The Jamestown Project
The book, “The Jamestown Project,” Kupperman encloses the four hundredth year anniversary of Jamestown. To revisit the view of England to the New World, one hundred years behind they’re enemy’s the Spain. This paper will analyze Kupperman’s article with arguments, viewpoints, and examples to express the reason on how Jamestown survived through trial and error to stay a colony today.
This book will surprise readers looking to delve immediately into the adventures of Captain John Smith and the other English settlers as they struggle to establish a viable colony and interact with the local Native Americans such as Powhatan and his famous daughter, Pocahontas. Such familiar stories are included, and Kupperman brings them to life in strong and thoughtful prose as she interprets the latest research on the topic, but they are to be found nearly two thirds of the way through the text. The seventh chapter, "Jamestown's Uncertain Beginnings" and only the final three chapters are devoted exclusively to the description and analysis of the winding fortunes of the colony once it is actually planted in the New World. This structure, of course, is not accidental. Kupperman uses it to underscore her broader arguments about the need to reframe the story of early Virginia to better understand how it relates to the foundations of the English empire and the development of colonial America.
In May 1607 a party of just over a hundred men and boys landed on the James River in Virginia and constructed a colony in the name of the English king called Jamestown. It was the first named colony in The New world for the English.
The Jamestown Project is built around two fundamental arguments. The first is that the activity of the Virginia Company and the establishment of Jamestown cannot be fully understood apart from the context of a much broader series of English efforts, however belated compared to other European powers, to enter the world stage and expand its influence. The second is to show, despite continuing reluctance to admit the Chesapeake as a foundational model, that "through a decade's trial and error, Jamestown's ordinary settlers and their backers in England figured out what it would take to make an English colony work." (2) Although the first of the arguments is more fully explored and defended than the second, Kupperman has merged them together well to provide a successful framework for her synthesis of recent research.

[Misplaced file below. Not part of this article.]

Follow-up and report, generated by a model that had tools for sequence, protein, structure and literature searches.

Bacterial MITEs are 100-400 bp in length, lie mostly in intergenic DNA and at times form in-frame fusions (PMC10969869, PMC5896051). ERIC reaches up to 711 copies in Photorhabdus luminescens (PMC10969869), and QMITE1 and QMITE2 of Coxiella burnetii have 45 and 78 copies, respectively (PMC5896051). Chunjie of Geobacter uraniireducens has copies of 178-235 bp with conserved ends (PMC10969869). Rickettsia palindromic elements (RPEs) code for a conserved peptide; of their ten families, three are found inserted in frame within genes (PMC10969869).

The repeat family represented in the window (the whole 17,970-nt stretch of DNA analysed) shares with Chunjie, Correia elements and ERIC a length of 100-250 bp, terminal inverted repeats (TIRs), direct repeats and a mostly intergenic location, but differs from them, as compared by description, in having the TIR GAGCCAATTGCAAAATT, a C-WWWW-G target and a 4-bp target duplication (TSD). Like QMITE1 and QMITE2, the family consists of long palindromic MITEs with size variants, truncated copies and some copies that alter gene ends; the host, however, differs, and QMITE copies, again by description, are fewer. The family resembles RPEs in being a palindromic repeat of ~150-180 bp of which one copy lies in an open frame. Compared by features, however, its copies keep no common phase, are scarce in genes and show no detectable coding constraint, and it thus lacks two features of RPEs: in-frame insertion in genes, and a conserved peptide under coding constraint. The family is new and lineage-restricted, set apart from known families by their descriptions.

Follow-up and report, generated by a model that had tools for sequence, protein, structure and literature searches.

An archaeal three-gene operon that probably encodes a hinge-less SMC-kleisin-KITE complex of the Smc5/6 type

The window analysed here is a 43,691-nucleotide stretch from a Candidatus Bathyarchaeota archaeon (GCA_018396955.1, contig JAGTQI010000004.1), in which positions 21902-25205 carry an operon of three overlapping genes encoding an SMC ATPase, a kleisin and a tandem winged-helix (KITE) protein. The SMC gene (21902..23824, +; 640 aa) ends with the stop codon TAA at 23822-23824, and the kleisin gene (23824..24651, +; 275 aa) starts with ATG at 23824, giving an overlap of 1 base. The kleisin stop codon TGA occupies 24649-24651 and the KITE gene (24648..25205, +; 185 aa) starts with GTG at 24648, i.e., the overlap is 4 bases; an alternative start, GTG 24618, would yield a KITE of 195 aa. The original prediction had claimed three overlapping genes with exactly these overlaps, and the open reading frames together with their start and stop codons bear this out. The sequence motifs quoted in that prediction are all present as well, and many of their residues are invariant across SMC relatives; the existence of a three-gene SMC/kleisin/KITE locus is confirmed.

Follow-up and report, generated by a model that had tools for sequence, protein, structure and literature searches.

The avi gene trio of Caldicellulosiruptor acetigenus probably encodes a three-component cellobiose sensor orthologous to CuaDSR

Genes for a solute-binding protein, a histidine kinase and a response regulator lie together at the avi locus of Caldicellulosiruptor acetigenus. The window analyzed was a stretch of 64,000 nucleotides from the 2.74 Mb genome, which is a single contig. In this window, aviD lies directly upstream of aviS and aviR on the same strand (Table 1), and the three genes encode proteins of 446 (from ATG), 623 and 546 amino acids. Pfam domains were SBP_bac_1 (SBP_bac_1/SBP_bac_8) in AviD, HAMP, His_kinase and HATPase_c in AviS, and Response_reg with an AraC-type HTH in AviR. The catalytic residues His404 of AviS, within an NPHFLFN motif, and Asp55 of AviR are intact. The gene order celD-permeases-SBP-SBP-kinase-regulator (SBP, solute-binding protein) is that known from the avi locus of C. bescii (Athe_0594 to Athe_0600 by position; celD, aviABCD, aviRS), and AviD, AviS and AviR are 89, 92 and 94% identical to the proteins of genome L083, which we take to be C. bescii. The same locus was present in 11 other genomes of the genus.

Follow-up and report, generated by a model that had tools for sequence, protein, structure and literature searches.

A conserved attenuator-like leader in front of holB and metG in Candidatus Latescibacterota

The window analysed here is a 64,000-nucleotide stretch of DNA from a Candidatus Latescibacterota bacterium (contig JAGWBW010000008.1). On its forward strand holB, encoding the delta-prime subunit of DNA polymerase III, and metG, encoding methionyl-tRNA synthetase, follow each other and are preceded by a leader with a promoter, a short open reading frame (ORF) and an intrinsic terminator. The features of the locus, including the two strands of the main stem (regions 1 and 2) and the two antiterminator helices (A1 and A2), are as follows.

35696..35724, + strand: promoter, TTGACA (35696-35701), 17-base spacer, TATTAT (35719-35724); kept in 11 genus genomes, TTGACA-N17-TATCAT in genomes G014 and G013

Five of the first six chapters of the book are devoted to exploring the primary argument that places the colonization of Jamestown within the broader context of English exploration. Kupperman begins her narrative in the Elizabethan era, exploring the potent mixture of religious, economic, and political incentives that led English merchants, explorers, clerics and courtiers to imagine the possibilities of cutting into the monopolies and empires of the Catholic powers of continental Europe and the Muslims traders to the East. These efforts led to projects in North America such as the ill-fated Roanoke colony, but also to others around the world as the English sought to cut into African and Asian trades, and aided efforts to fight back the Turks in Eastern Europe and the Middle East. All of this activity on the global stage fed into a generalized "English Hunger for the New" (Ch. 4) as all classes of men and women became fascinated with the possibilities of empire. Such interest could be seen in the voracity with which the public consumed the cultural expressions of global expansion in travel and captivity narratives, stage plays, poetry, clothing styles, and a growing demand for exotic foods, herbs and spices. Little by little, the English developed a stockpile of overseas experience that helped them understand the world better and what was needed to sustain long-term efforts in colonization.
This first portion of the book culminates in the sixth